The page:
The Whitall House National Park, NJ
Upon my discoveries, I have come across a few historical elements in the area. I sometimes get cross-referenced with certain things in my findings. For instance, I was checking out the legendary Frank Stewart’s historical notations (as you see in my previous blog posting.) He mentions Ann Whitall’s diary. The day of the attack in the Revolutionary War at Fort Mercer in current day National Park, NJ.
Stewart’s notes made me laugh. Ann is a typical stubborn woman who is quite “normal” when you talk about the women of NJ. Oh and I need to mention I truly love her. She was warned by her son to go to the neighbor’s house so she would be safe on the day of the war. Ann Whitall did not budge. She said The Lord would protect her. She set up her spinning table in one of the rooms and continued spinning throughout the duration. However, a cannonball flew into the home landing pretty close to herself, it kind of perked her up. She then picked up her wheel and continued spinning in the basement until the war was over.
She was instrumental for all the wounded soldiers even the British/Hessians. Ann used her home as a hospital so she could tend to their wounds.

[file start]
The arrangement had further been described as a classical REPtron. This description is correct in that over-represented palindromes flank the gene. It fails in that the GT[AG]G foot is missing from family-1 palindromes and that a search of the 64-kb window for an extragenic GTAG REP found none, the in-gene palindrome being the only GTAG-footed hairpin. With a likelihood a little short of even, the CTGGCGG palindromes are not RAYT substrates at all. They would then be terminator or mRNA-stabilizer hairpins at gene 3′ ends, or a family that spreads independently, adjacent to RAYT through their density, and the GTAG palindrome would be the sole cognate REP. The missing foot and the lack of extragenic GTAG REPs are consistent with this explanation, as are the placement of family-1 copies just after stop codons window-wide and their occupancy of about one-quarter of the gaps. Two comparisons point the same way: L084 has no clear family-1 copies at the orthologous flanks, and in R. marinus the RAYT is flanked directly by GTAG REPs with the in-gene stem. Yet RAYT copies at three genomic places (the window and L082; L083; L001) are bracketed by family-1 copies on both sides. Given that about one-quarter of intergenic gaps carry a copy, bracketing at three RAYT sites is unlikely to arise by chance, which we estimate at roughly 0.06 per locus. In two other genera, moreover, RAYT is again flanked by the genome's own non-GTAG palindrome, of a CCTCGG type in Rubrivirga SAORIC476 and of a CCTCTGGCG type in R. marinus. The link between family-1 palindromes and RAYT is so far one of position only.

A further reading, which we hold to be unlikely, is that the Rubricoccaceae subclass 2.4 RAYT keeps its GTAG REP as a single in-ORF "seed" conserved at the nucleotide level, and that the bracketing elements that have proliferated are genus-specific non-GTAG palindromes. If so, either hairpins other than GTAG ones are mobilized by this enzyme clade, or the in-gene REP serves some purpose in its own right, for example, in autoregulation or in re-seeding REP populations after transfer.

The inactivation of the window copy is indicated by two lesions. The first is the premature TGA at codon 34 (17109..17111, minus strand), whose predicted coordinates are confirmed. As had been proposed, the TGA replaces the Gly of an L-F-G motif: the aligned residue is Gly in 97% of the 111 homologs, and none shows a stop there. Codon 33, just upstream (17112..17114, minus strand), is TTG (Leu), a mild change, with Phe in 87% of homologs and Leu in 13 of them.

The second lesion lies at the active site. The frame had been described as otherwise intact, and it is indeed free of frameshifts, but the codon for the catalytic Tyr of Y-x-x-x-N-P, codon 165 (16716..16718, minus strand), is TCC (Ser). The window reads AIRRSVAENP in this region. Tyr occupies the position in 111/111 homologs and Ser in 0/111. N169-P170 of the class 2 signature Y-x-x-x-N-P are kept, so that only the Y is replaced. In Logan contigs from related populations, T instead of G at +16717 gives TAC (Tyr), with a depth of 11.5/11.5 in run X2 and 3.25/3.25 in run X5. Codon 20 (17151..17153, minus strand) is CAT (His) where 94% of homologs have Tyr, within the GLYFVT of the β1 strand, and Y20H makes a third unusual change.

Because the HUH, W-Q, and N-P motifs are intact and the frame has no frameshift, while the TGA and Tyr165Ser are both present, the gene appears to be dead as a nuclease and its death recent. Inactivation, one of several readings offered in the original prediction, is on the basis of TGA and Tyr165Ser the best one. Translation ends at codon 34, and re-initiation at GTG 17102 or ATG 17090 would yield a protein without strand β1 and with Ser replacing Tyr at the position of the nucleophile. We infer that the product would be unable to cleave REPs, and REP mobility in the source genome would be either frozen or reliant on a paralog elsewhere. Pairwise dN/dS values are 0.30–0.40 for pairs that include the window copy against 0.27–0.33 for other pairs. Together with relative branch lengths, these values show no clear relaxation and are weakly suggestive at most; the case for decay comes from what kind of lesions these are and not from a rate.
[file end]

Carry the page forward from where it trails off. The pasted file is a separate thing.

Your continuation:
After reading Stewart’s article, I had to immediately check out the house. I have always walked right by it when walking around the park.
The Whitall’s were actually quite wealthy and owned 400 acres of land. They were Quakers like a lot of folks were in the area. The home was built in 1746. It is quite large. It is accustomed with a large kitchen and even closets which were very rare for the time period.
I came here on a rainy, hot and steamy day in September. I knocked at the door and was greeted by a nice woman in colonial garb. It frightened my kid out. However, after we walked around he was quite alright.
I got to tour the whole downstairs with a few original pieces that the Whitall’s owned. Some old medical instruments they used in the time frame. Plus, seeing an antique clock and the original floors made me quite happy to see it has been well-preserved.
Funny to see that it was going to be knocked down in the early 1900s to build a housing development. However, due to Frank Stewart, it did not. The house and the grounds remain today due to his generosity and preservation efforts.
You have to check out the house and all the cool features. They also hold candlelight tours on certain nights throughout the year. It’s a great little piece of history in our backyard. They are working on the upper level as we speak for tours. Can’t wait!